Police say a 12-year-old boy and another teen, who are not residents of Alameda, are believed to be responsible for the crime. Over the weekend, police think they took a shovel and killed 11 of the 18 chickens that were being raised.
The chickens had become an important part of the Alameda Point Collaborative, which is a community of about 500 former homeless residents who are growing their own food and learning how to eat healthy.
The Growing Youth Project raises the chickens, uses the eggs for community breakfasts, and sells them to fund field trips. Some of the kids recently traveled to Pittsburg to talk about their project. The chickens that were killed were almost mature enough to begin laying eggs and that would have meant more income for the kids.
"I came and I saw a couple of them. I didn't understand what happened at first, I thought they were sick or whatnot, but when I [saw] the shovel and I was really, really disappointed. It's a terrible thing," said Alameda Point Collaborative volunteer Lamar Delandero.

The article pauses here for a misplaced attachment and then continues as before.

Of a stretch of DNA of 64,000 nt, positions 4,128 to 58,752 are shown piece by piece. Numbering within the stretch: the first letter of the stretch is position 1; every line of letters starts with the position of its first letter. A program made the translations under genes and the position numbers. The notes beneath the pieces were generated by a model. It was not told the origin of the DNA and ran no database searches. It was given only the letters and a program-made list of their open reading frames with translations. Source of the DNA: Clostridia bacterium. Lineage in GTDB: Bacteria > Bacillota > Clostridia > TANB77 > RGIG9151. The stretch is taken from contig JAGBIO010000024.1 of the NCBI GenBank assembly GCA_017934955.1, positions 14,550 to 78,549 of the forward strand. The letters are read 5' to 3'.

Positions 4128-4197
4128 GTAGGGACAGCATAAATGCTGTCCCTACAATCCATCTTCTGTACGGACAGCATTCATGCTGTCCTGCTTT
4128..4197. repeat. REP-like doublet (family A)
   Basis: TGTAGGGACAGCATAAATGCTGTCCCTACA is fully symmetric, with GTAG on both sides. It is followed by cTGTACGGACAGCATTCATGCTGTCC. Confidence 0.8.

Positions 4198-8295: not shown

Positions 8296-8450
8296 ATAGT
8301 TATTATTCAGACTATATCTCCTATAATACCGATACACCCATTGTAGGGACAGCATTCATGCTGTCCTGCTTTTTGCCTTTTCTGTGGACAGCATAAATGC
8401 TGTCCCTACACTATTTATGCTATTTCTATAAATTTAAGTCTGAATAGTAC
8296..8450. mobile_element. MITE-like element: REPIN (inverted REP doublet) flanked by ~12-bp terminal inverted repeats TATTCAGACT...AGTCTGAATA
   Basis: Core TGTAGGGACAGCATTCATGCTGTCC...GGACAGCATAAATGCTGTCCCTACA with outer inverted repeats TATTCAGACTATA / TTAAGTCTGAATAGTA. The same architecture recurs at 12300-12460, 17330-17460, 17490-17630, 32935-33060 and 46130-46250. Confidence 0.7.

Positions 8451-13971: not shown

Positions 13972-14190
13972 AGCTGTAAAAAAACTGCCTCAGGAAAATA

When asked if she could tell the difference between one of their chicken eggs and the ones from the store, Alameda Point Collaborative resident Madison Akins said, "They taste better."
"I was sad...because they gave us lots of food in the morning to go to school," said resident Serenity Mahoney.
"It really taught them responsibility. They had to be here every day, feeding them, checking on them, and then when they would take the eggs and sell them to the farms, they were learning some business skills. When they take the eggs to the community breakfast every week, the whole community is learning about healthy eating, so the chickens did a lot," said Alameda Point Collaborative executive director Doug Biggs.
This youth project is more than just a chicken coop. It is the nucleus of the community that's teaching these young students and kids, how to be nurturing, how to eat healthy, and how to hone in their business skills. It's a lot like a 4H program.